Galaxy S23 Plus vs S22 Plus: Have there been any camera improvements?

Galaxy S23 Plus vs S22 Plus: Have there been any camera improvements?

Samsung’s new top-of-the-line cell phones have already been announced and, as usual, three models were presented. The Samsung Galaxy S23 Plus is one of them, and the device arrived as the direct successor to the Galaxy S22 Plus.

There have been some changes in various aspects of the cell phone, but the camera set is basically the same – or at least in the technical sheet. With the exception of the front camera, the lens specs are pretty much the same.

That said, is there any improvement in the camera from the Galaxy S22 Plus to the Galaxy S23 Plus? Can post-processing or the hardware itself work well to deliver better photographs, even with so much similarity on paper?

I tested both cell phones and went out to take pictures with both at the same time, to clear that doubt and see which of the two is better in this regard.

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main camera

The main camera of the Samsung Galaxy S23 Plus is exactly the same as that of the Galaxy S22 Plus: a 50 MP sensor with f/1.8 aperture, Dual Pixel PDAF and optical image stabilization. In this way, the images obtained with the two cell phones are almost the same.

I noticed some more simple differences, but some of them are only possible to notice with a closer look.

Colors appear darker and more intense on last year’s phone, and this can give the impression of higher quality at first glance. However, if you look closely at each photograph, you can see that the S23 Plus has an improvement in the dynamic range, which makes the image more defined in dark and shaded spots or even in those areas that “abuse” the strongest color in the picture. S22 Plus.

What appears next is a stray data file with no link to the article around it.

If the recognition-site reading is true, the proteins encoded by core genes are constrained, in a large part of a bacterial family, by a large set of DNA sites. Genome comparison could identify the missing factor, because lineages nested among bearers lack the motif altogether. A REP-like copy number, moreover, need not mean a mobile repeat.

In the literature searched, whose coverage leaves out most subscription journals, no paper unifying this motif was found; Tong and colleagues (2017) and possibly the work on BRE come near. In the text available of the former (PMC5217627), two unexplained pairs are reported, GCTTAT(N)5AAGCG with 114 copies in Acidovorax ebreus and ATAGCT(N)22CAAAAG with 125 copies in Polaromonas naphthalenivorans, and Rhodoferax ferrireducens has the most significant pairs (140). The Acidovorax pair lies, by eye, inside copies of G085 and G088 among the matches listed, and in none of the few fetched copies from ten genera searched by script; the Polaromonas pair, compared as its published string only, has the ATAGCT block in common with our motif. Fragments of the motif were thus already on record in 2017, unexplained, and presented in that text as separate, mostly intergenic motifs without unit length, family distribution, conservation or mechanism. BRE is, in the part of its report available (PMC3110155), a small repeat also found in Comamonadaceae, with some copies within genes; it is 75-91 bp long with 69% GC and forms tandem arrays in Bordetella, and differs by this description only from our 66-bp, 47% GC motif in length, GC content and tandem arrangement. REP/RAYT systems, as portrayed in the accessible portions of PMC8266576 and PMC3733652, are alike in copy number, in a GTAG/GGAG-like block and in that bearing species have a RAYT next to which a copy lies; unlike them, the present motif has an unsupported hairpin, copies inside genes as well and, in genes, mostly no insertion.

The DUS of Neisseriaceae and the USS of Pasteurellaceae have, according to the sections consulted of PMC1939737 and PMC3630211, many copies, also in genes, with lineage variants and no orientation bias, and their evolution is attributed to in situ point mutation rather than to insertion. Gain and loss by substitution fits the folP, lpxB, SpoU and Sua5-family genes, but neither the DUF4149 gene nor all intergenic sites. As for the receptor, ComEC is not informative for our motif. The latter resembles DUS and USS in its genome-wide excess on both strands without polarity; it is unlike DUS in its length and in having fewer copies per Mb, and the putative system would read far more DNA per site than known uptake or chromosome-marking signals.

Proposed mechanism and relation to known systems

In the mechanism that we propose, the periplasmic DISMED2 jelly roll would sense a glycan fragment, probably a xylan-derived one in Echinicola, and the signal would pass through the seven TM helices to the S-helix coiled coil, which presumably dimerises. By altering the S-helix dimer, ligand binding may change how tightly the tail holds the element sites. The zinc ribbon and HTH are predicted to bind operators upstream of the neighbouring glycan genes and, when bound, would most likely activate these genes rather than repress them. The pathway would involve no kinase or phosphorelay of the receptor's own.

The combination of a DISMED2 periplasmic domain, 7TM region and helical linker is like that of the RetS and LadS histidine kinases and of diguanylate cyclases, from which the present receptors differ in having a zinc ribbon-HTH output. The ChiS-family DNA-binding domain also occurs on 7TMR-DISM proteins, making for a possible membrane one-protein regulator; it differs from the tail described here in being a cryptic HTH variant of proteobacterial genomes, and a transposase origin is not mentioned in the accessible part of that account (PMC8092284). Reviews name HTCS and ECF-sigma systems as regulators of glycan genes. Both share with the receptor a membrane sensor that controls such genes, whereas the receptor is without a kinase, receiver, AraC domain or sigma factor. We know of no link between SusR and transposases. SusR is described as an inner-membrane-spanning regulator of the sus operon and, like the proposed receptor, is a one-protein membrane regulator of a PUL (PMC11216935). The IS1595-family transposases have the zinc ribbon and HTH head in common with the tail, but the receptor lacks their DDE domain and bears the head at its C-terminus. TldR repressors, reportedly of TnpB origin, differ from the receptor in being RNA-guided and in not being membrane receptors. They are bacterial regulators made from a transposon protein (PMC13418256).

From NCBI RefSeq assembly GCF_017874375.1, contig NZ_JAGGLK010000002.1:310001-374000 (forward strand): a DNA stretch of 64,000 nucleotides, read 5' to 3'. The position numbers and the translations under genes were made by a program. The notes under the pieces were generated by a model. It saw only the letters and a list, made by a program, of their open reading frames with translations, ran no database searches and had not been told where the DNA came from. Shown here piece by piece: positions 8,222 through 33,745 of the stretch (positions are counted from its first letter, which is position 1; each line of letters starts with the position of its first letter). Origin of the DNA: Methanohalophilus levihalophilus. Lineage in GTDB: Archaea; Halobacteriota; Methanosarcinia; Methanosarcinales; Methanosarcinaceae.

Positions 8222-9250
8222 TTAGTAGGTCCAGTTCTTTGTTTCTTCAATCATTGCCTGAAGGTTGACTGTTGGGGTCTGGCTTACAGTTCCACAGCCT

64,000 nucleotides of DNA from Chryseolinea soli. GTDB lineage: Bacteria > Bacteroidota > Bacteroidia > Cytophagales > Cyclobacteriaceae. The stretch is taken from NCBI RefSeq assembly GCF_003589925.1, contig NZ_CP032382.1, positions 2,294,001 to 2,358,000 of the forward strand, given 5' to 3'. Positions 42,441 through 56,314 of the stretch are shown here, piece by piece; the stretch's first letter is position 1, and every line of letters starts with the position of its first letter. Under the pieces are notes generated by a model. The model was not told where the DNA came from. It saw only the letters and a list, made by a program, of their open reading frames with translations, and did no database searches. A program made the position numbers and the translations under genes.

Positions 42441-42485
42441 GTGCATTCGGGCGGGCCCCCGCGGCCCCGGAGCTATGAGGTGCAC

On the other hand, if the scenery is already very bright naturally, the Galaxy S23 Plus may have a little more work to compensate for the white, and it doesn’t manage it as competently as its predecessor. In these cases, the older model offers a little more detail and quality.

ultrawide camera

The ultrawide camera is also exactly the same on both devices: a 12 MP sensor with an f/2.2 aperture and a 120° viewing angle. But, in this case, I noticed an inverse work in definition.

Colors are still more intense and vivid on the Galaxy S22 Plus, just like the main one. However, the dynamic range is smaller in the new generation and, consequently, last year’s model offers more definition, with greater detail in poorly lit spots.

Despite this, it is important to note that post-processing does a pretty heavy job on the S22 Plus. It even manages to deliver slightly more defined images at ultrawide, but some points look a little artificial.

This can be proven if you compare the image below. In this comparison, you can see that the Galaxy S23 Plus is more realistic with the shadow under the construction — at the very front. In the same scenario, the image obtained by the S22 Plus masks this shadow more, and it is almost impossible to notice it.

Telephoto camera (zoom)

The last lens in the rear set of the two cameras is the telephoto, which is mainly used for photographs with a zoom from three times. In both cases, the resolution remains the same: they are 10 MP, with f/2.4 aperture and up to three times optical zoom — from then on the approximation is digital.